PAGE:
Although the lower limit of thickening time reported herein, i.e. 280 minutes, was not comparable to that of HTF-200C, its higher limit in the case of the cement slurry containing FLC 4, i.e. 470 minutes, was comparable to that of HTF-200C (407 minutes). However, the compressive strength of HTF-200C was almost four times higher than that of the cement slurries containing FLC’s in our work (4200 vs. 1100).

3.2. ATR-FTIR spectra

Determining the molecular structure of humic substances is so complicated. However, attenuated total reflectance infrared (ATR-IR) by using a Nicolet 560 Fourier transform infrared spectrometer was employed to characterize lignite-co-AMPS-NNDMA-ACN and the SML copolymer (SML-co-AMPS-NNDMA-AA). To this end, ATR-FTIR spectra were obtained from the raw lignite surface prior to chemical modification and after grafting/sulfomethylation on its surface (FLCs 2-4).

As depicted in Figure 3, the characteristic bands for raw lignite are the stretching vibrations attributed to the R-COOH carboxylic group as well as Ar-OH phenolic groups at approximate frequencies ranging from 3500 to 3500 cm-1, the stretching vibrations of the carbonyl group (amide groups and peptide groups on the surface of the humic acid structure) at 1615 cm-1, highly intense peaks attributed to CO stretching at 1010 cm-1. Specific absorption bands of grafted copolymers include symmetrical and asymmetrical stretching vibrations attributed to single and double sulfur-oxygen bonding (S=O and S-O due to sulfonic acid groups in the AMPS structure grafted on the lignite surface (as twin frequencies at approximately 1180 cm-1, 1400 cm, -1 and 1650 cm-1 respectively). The latter could be attributed to the RSO3 formation as a product of sulfomethylating reaction in FLC’s 3 and 4. Nitrile (C N) group is hydrolyzed in alkaline medium and converted to carboxylic acid or carboxylate salts. Thus, the absorbent bands of carboxylic acid (1010 cm-1, 1615 cm-1, and in the 3000-3500 cm-1 range) would have been observed instead.

 

Figure 3

ATR-FTIR spectra of the FLC samples prepared in this study.

According to the literature (Assmann and Reichenbach-Klinke, 2014; Salami and Plank, 2016), the phenolic group present in humic acid, as the main constituent of lignite, allows the grafting of monomers through a hydrogen abstraction mechanism initiated by strong oxidants such as peroxydisulfates or Ce4+, which is schematically depicted in Figure 4.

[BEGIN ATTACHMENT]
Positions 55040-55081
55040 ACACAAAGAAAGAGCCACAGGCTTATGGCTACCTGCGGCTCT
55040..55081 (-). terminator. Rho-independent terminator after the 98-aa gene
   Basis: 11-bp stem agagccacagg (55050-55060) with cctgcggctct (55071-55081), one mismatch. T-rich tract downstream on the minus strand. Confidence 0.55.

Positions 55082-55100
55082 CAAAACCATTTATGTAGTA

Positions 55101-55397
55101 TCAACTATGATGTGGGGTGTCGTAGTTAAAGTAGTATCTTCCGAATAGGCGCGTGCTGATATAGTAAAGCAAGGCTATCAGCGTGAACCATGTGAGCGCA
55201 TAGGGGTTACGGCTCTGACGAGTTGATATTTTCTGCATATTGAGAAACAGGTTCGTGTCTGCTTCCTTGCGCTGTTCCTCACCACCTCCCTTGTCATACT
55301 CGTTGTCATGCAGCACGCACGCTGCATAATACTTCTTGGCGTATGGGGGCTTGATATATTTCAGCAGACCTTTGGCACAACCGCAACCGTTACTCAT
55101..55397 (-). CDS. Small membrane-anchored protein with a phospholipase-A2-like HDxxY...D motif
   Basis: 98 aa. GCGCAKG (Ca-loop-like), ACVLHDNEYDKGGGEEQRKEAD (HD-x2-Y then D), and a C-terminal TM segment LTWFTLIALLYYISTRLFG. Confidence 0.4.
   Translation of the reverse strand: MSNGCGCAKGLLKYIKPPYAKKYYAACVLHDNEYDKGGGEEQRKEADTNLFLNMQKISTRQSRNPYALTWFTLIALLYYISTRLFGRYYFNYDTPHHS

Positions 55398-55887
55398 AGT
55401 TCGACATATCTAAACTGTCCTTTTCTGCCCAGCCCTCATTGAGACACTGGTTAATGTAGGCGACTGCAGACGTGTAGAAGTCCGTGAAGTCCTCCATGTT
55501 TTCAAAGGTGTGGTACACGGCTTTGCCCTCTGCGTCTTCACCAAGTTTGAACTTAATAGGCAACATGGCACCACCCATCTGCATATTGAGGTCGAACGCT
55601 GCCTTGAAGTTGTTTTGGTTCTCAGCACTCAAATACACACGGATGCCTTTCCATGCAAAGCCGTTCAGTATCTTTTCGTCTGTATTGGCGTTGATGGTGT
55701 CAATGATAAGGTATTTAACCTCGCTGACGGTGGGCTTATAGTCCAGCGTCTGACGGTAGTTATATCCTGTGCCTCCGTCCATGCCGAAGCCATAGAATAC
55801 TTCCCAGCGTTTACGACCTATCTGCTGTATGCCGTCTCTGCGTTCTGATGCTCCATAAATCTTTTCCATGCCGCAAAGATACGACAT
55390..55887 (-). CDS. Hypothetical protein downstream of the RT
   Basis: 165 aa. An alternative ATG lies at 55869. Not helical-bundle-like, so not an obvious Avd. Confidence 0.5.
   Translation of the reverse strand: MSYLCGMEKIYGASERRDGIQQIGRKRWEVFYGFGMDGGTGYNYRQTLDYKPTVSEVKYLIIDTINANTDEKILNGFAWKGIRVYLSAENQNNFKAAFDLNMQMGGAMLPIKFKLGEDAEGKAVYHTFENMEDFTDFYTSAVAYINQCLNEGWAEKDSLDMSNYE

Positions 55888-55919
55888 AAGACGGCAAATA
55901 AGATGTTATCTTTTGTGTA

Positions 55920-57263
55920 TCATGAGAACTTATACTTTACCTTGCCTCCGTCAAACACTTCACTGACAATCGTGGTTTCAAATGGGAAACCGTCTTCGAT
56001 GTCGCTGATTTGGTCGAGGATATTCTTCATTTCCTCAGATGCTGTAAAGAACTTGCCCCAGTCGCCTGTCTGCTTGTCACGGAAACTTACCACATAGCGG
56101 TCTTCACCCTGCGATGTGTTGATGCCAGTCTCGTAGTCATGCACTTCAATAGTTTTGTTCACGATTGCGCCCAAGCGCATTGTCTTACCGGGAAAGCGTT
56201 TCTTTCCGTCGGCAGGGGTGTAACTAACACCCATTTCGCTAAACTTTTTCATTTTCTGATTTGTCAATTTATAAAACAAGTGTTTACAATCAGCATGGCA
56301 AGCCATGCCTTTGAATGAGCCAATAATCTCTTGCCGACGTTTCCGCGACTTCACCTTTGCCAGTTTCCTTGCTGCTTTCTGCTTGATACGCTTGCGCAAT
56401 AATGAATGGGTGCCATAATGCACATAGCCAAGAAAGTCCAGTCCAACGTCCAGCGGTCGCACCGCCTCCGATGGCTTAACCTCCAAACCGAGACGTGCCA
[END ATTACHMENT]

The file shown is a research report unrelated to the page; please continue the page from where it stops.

3.3. Elemental analysis (CHNS) of SML

The elemental analysis apparatus (Elementar-Germany) was employed to determine the amounts of elements in SML and in raw lignite. According to the data presented in Table 6, the weight percentage of sulfur in the raw lignite sample was 3.77% of the total sample weight, but it increased to 12.39% of the total sample in the SML. The weight percentage of carbon has also decreased from 21.44% to 15.99% of the total sample weight. This confirms the successful participation of the sulfone functional group (SO3) in the lignite structure and the replacement of CH2SO3.Na with CH2OH in the grafted chains, which could be verified through the ATR-FTIR spectrum of the SML as portrayed in Figure 1.

 

Figure 4

A schematic representation of the grafting reaction that produces the graft copolymers of lignite-co-AMPS-NNDMA-AA [adapted from Ilg, M. and Plank, J., 2016].

Table 6

Elemental analyses data of raw lignite and SML (FLC 3).

SML-FLC 3 found (%)

Raw lignite found (%)

SML-FLC 3 found (mg)

Raw lignite found (mg)

Element

0.1

0.18

0.032

0.031

N

15.9

21.44

4.955

3.603

C

0.28

0.27

0.087

0.045

H

12.39

3.77

3.861

0.634

S

28.67

25.66

31.168

16.808

Total (sample weight)

4. Conclusions

The highest performance of the cement slurries in order belonged to the graft copolymer of SML (FLC 4), the water soluble SML in sample 3, and the lignite graft copolymer in FLC sample 2. The way in which graft copolymers work is likely through adsorption on the cement particles and filter-cake permeability reduction according to the literature. As noted, the highest performance of the synthesized FLC’s was attributed to FLC 4, which is probably due to the synergistic effect of lignite solubility enhancement and grafting side chains on its backbone simultaneously.